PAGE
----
It has been almost 1 year since I left my job in Melbourne, Australia and made the move to the other side of the world to teach in London. My blog has been pretty quiet in that time. To be honest, I wasn’t sure what I could contribute here whilst I took a little break from teaching and shifted my focus to travelling.
When I arrived in February, I began supply teaching all over London with Vibe Teaching. Even with four years of teaching experience in Australia, this was one of the most challenging periods in my teaching career. These kids really pushed the limits of my behaviour management strategies and it wasn’t without a few tears. It can be frustrating at times to not know where you are teaching until you are about to walk out the door. Being at a different school everyday means that it is hard to make connections with students and feel part of any staff. But supply teaching has taught me so many things. I now have the confidence to teach in the primary classroom. I’ve realised I actually like it and am actually pretty good at it! Sure there was times, as a trained PE teacher I felt out of my depths, especially teaching British history or phonics with my Australian accent, but I always survived. Thanks to classroom teaching, I have rediscovered my love of early years education which were never my favourite year groups when teaching PE back home. I have become more adaptable moving from different schools with different routines. I have become more resourceful when arriving at a school when there no planning left by the teacher. I have become more flexible, changing year levels half way through the day. I have become more resilient when being called some horrible names and more patient when being spoken back to. Supply teaching definitely isn’t an easy gig, but I was lucky to have a friendly and supportive team at Vibe to look after me.
For the summer term, I took on a part time teaching role in a Year 3/4 speech and language class. I had no experience teaching students with severe learning difficulties and although I only had 10 students in my class, the gap in their learning abilities was huge. I was fortunate to have had an amazing teacher assistant and quickly gained the confidence and the knowledge to be able to support these students. After only a few weeks, I could recognise their individual strengths and areas of need, different personality traits, how to engage them and manage their behaviour and the importance of routines and using technology.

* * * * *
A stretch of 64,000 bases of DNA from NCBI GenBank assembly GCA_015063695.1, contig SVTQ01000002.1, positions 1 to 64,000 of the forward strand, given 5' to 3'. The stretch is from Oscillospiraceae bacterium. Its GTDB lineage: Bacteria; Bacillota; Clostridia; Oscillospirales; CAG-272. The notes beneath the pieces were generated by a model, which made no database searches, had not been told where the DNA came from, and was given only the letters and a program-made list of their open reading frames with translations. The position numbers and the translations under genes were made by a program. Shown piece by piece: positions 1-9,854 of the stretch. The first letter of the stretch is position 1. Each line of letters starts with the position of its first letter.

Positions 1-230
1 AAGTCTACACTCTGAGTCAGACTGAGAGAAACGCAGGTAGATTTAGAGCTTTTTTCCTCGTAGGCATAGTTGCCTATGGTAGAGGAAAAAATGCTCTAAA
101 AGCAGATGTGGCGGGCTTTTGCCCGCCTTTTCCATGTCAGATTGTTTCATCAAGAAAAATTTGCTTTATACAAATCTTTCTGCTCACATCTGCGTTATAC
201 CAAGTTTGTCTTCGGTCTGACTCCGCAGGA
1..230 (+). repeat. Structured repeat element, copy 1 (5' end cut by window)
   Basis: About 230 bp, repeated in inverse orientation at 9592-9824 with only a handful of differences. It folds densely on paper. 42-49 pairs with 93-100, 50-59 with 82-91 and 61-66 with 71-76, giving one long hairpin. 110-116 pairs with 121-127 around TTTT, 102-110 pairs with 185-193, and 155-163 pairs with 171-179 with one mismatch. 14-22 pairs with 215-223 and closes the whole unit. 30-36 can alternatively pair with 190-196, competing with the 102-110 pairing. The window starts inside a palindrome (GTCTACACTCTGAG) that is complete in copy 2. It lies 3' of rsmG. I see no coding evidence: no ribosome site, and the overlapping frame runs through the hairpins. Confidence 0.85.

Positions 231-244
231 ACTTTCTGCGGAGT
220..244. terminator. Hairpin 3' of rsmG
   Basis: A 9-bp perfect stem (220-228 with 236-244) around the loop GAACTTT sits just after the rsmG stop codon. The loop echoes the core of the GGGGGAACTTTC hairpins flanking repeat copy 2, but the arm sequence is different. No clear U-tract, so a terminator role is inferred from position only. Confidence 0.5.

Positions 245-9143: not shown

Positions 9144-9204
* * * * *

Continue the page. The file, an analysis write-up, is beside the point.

For the first time since arriving in London I had consistency. I had a staff who I could begin to think of as colleagues and it almost felt like I had my own class. We celebrated birthdays (including mine), went on school trips and attended sports days. Each week, I got to mention two students at assembly who had displayed the schools values. I loved seeing the smiles on their faces when they were recognised for their efforts in and outside of the classroom at school. Saying goodbye to my class on the last day of school, I knew I would truly miss them.
In September, I started a new role at a new school and was excited by the idea that I would be staying in London, at least for another year. I was very fortunate to have been offered a PE teaching position at an all-girls independent preparatory school in central London. Half a term in and I am absolutely loving it! I am teaching PE and Games from Reception through to Form VI (4 to 11 years) and am enjoying a different role as a Form VI tutor and head of house. Although I will no longer be in a coordinator position, I am looking forward to having less responsibility. For the last four years, most of my time and focus was on administrative tasks but I know that my teaching will benefit from being able to dedicate much more time to planning the best lessons I can for my students. The school has just introduced iPads so I am keen to assist other teachers and start implementing their use within the PE curriculum. I am also really enjoying my role as a form tutor and being able to support our Form VI girls in other areas of their schooling, especially in preparation for the entrance exams in January. A huge part of the reason why I accepted the position was how strongly my values for girls education aligned with the aims and ethos of the school. I have a lot of confidence in the senior management team and am excited to be having an impact at the school.
The hardest thing about teaching at a new school is not comparing it to your previous school. Although the two school contexts are very similar, it has taken me a while to get used to my new routines and surroundings. Our PE lessons are almost all off-site at nearby Regents Park which means we are on and off buses 3 or 4 times a day. From teaching in the hot Australian summers back home, I am finding it a little tricky to acclimatise to the cold London weather. And after 10 months in this country, I have finally got into the habit of calling soccer ‘football’.
It is bittersweet deciding to stay in London as it means I have had to leave a job and a school I love back home. Firbank took a chance on me as a young graduate teacher and gave me a better start to my teaching career than I ever would have imagined. I am so lucky to have been mentored and inspired by incredibly dedicated and talented teachers. I hope I can return to Firbank when I eventually come back home to Australia and be able to offer all that I have learnt through my teaching experiences abroad.